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fifo (L-R) Fern, Simon, Phoenix Morgan and River Levi Aboutusgeneric_2 Sgt Rob Smith and Constable Paul Muller (L-R) Sharlani, Rhythm-Rayne, Eesiar and Khvalee'a. (L-R) Neve Flint, Brooke Roberts Holly Hill and Isabelle Elms Aboutusgenericimage_3 csg Melanie and Chevy Ohl Steve Beale and Chris Dunphy, MIPEC The Smythe boys (L-R) Charlie Swaffield and Friend, Jayden and Eathan Little and Rylee Flint The Hamilton family Bhabie and Paul Dickens Construction
fifo (L-R) Fern, Simon, Phoenix Morgan and River Levi Aboutusgeneric_2 Sgt Rob Smith and Constable Paul Muller (L-R) Sharlani, Rhythm-Rayne, Eesiar and Khvalee'a. (L-R) Neve Flint, Brooke Roberts Holly Hill and Isabelle Elms Aboutusgenericimage_3 csg Melanie and Chevy Ohl Steve Beale and Chris Dunphy, MIPEC The Smythe boys (L-R) Charlie Swaffield and Friend, Jayden and Eathan Little and Rylee Flint The Hamilton family

Boots not on the ground
Wednesday 05 October 2016  

One of the landholders whose property near Alpha sits right under one of GVK Hancock’s proposed coal mines in the Galilee Basin, says there has been zero mining activity in the region for more than a year.

Grazier Sean Dillon, who is also a councillor on the Barcaldine Regional Council, says last week’s court victory for GVK has not translated into any activity on the ground.

“About 17 or 18 months ago, they were doing a little bit of survey work,” he told Shift Miner.

“There was also some administrative work undertaken to tidy up some of the compensation agreements with landholders like us.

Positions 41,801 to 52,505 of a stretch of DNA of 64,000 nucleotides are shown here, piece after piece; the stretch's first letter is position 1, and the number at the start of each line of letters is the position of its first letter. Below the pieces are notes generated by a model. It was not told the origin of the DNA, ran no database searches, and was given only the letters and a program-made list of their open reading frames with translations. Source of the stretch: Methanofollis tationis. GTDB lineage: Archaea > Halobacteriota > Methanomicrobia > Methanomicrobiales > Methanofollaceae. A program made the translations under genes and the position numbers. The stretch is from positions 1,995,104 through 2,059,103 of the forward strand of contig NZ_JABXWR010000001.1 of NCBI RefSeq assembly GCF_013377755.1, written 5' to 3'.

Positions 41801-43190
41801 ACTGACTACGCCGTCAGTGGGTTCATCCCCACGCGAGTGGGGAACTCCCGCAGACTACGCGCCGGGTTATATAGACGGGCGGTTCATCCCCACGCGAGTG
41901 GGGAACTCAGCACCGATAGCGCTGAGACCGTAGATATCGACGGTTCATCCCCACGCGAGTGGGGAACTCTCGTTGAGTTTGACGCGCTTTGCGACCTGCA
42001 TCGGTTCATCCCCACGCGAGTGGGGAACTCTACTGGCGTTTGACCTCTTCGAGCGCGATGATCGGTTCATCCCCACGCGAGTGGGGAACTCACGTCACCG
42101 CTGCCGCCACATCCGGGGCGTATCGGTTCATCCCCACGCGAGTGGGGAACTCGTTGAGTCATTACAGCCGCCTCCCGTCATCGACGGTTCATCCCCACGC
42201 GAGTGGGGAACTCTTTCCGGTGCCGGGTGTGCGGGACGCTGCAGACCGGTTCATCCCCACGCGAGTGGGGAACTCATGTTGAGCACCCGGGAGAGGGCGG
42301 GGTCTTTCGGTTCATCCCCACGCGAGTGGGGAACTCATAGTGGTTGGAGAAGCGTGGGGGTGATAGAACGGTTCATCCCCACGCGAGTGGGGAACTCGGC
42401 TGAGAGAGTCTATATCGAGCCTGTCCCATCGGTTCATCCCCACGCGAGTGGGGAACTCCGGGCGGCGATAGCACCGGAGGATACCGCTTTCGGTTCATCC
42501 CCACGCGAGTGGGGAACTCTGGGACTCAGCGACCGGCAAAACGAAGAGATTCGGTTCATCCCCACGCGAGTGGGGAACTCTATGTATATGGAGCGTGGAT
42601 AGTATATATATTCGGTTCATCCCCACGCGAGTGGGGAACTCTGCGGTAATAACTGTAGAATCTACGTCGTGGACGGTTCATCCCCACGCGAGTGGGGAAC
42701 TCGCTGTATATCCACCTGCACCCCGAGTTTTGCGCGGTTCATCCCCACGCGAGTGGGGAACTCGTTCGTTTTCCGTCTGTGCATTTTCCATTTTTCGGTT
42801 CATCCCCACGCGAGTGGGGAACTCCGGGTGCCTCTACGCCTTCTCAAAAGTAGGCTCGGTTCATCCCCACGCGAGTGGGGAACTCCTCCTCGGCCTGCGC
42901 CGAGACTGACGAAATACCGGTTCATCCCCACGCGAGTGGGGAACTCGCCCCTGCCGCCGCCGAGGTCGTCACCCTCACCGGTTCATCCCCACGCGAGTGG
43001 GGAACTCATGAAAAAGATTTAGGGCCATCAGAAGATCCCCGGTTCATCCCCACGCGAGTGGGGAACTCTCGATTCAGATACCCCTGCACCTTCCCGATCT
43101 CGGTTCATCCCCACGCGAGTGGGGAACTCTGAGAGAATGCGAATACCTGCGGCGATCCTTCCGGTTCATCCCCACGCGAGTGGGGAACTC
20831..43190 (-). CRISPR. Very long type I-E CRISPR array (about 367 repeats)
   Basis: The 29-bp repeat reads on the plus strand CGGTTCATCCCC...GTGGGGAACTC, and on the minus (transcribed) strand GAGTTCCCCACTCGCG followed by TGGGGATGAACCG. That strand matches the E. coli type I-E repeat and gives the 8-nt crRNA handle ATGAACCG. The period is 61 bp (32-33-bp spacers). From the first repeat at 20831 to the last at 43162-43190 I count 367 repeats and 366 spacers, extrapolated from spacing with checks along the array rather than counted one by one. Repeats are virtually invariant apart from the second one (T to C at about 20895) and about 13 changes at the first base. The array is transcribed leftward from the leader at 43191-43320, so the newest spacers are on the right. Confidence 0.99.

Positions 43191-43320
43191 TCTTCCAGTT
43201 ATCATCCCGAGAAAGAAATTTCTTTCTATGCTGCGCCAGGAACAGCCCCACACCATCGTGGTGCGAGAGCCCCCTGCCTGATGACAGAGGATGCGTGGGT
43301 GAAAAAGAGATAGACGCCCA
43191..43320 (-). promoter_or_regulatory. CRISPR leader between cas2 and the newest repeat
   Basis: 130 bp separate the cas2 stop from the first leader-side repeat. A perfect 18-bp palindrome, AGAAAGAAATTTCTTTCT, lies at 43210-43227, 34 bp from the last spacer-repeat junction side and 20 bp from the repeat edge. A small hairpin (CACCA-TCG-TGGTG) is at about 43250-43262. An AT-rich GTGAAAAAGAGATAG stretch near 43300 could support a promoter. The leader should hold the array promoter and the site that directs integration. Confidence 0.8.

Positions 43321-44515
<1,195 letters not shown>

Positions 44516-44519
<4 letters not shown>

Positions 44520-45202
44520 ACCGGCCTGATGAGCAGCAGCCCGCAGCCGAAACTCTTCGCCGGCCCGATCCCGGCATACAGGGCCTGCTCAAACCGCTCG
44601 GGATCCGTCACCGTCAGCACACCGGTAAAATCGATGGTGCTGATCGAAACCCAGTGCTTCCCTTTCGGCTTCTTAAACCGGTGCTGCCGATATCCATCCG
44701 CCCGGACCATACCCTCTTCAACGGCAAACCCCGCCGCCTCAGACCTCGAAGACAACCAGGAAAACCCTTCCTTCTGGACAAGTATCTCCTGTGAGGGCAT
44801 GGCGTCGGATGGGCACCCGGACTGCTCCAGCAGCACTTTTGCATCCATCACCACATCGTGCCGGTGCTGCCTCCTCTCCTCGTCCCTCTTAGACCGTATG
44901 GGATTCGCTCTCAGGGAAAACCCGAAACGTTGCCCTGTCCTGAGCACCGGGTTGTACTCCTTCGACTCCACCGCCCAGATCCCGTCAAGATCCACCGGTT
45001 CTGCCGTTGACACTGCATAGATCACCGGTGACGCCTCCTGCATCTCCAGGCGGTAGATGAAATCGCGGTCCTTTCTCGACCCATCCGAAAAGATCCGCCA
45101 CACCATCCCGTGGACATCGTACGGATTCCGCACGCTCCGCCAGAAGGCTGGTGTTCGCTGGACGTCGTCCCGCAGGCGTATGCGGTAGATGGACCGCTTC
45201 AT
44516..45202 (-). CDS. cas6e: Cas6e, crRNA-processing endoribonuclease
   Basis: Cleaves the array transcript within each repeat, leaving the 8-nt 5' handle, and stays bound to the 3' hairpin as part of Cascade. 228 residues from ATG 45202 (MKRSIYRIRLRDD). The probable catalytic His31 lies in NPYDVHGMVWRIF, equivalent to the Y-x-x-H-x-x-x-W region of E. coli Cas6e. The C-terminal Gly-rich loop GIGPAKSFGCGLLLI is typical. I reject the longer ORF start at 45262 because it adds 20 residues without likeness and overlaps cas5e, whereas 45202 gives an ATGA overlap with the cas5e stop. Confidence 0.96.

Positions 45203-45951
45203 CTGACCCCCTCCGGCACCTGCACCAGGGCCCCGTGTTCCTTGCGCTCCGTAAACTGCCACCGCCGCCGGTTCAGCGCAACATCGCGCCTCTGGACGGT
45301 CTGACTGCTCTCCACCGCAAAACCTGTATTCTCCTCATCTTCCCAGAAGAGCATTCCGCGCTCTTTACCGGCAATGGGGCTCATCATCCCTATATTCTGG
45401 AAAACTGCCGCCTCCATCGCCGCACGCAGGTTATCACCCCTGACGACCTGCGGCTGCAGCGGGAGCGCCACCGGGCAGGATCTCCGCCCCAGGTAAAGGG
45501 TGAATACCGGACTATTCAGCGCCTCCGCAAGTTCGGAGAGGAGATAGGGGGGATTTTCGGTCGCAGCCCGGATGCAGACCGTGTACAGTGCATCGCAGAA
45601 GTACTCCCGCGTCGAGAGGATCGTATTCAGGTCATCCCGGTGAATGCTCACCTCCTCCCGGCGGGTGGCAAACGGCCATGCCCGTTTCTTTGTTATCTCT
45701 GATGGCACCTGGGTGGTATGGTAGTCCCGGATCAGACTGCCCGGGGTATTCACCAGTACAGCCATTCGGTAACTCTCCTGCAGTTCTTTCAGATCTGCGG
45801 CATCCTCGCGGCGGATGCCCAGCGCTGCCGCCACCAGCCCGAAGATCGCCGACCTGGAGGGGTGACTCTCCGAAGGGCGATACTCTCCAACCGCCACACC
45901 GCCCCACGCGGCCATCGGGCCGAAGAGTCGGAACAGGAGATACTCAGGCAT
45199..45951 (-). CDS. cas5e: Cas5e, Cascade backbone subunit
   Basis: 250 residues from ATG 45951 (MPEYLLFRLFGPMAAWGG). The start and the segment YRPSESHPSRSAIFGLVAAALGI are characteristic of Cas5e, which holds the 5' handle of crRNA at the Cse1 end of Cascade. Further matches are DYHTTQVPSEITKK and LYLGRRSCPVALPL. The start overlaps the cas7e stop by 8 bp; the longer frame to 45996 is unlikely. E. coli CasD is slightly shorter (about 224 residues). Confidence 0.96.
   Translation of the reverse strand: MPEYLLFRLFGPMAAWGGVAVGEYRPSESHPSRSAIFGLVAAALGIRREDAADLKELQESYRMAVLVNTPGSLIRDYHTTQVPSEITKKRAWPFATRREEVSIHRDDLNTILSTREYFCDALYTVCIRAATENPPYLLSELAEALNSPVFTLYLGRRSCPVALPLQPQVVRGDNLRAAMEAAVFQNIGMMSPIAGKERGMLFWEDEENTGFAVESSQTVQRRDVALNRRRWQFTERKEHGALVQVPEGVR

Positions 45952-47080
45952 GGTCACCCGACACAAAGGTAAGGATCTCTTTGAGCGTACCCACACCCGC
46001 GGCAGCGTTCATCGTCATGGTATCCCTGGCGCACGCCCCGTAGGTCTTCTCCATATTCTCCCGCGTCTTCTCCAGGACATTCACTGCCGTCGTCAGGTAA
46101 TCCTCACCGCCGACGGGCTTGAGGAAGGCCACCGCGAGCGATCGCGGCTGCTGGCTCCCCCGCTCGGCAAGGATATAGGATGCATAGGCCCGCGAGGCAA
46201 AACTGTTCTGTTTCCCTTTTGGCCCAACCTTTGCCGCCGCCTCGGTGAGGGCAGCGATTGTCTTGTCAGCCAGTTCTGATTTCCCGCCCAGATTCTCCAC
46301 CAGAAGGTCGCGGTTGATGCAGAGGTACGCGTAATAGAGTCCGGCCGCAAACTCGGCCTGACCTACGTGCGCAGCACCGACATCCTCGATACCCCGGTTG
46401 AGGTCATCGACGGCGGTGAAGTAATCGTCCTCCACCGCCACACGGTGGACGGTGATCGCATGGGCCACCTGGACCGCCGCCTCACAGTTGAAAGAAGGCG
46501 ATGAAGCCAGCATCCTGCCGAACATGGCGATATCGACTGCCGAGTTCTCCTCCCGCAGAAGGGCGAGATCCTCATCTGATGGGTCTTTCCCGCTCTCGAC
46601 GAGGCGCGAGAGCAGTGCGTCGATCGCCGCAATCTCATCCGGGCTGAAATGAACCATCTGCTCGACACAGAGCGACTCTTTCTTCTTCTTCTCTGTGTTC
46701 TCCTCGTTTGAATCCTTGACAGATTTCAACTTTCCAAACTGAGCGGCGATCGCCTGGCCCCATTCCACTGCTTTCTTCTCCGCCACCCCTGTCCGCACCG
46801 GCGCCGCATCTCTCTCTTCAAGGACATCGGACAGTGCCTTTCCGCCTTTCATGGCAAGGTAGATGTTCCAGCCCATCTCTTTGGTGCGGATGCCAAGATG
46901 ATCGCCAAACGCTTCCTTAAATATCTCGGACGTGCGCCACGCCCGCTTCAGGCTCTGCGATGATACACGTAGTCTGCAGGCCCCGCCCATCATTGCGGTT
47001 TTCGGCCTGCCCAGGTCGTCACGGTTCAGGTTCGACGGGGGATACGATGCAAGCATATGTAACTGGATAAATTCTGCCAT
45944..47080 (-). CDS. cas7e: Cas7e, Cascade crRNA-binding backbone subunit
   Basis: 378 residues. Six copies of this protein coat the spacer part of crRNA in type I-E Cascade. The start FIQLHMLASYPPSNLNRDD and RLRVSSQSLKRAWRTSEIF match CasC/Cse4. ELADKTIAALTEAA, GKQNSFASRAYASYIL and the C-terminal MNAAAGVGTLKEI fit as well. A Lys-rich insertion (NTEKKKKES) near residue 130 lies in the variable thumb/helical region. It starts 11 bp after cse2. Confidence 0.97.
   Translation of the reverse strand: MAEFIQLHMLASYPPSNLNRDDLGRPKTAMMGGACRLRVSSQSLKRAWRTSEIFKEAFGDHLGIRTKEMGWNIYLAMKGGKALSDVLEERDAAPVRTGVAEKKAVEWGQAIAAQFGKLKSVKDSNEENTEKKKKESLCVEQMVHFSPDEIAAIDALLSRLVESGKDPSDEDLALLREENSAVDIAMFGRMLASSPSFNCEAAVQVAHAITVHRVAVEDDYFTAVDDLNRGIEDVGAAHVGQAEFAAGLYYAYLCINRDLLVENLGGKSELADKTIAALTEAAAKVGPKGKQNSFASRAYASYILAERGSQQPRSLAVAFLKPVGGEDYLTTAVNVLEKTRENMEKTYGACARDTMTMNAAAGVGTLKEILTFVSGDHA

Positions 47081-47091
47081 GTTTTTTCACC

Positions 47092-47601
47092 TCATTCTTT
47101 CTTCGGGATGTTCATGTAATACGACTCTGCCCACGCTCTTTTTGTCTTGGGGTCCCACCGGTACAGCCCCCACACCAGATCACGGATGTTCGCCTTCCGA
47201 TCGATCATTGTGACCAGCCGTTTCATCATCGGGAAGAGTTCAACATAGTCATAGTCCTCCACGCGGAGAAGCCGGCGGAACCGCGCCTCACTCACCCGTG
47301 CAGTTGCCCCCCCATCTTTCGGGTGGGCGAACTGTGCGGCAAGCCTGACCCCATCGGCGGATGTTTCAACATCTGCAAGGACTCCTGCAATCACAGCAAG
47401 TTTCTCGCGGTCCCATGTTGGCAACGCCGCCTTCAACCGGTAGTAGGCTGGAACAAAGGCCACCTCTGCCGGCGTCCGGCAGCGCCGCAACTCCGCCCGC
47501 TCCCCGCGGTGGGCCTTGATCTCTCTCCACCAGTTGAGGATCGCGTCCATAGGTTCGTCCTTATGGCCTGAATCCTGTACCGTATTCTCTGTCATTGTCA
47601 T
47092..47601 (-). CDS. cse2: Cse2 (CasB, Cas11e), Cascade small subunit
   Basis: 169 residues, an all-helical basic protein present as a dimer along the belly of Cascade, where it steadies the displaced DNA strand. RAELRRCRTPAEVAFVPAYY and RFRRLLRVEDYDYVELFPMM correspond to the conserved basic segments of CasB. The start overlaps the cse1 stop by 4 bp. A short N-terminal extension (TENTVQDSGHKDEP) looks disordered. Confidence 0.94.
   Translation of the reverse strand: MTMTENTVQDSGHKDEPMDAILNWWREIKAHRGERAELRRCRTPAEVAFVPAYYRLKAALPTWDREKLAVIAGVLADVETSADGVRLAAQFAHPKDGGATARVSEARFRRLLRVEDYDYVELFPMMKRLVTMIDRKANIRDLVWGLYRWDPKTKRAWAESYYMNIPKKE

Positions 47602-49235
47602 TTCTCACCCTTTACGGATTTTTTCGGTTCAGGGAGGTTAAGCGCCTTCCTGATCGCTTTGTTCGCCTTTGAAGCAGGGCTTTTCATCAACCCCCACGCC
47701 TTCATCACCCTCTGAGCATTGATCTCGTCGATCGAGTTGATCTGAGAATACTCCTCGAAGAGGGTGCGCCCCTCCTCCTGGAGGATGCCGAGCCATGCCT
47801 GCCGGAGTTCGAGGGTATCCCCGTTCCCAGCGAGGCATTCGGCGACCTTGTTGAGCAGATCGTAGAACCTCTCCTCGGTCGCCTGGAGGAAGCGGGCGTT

“However, since I have been on council, there has been no correspondence relating to mining of any sort across the entire region.

“But it’s a little bit difficult to see where things are going because both the proposed Galilee miners have been saying the same thing for so long it’s not funny.”

GVK is an Indian company, which has a 79 percent stake in the Alpha Coal and Alpha West projects, and a 100 percent stake in the Kevin’s Corner project in the Galilee near Alpha which it purchased from Hancock Prospecting at the height of the mining boom.

These projects have total resources of 8 billion tonnes and a theoretical peak capacity of 80 million tonnes a year, which together would make them the largest coal mining operation in the world.

GVK made headlines last week - after an extended period out of them - when it said it planned to get a mining lease for its Alpha Coal project following a significant win in the Court of Appeal.

In a landmark victory for GVK, the court dismissed an attempt by Green group Coast and Country to challenge the State Government’s environmental approval of the proposed mine and ordered them to pay all legal costs.

Coast and Country tried to argue that the State Government had failed to consider the effects on the global climate from end users burning coal sourced from the Alpha Coal project when it gave GVK Hancock environmental authority.

“To date, we have invested tens of millions of dollars on a broad range of environmental assessments that contributed to our environmental approvals, and we have complied with every environmental regulation set before us, as well as meeting the legal requirements of numerous court challenges,” Spokesperson for GVK Josh Euler said.

“The next steps for our project involve finalising remaining approvals to attain our mining lease, which will take our project another step closer to a point where construction can commence.”

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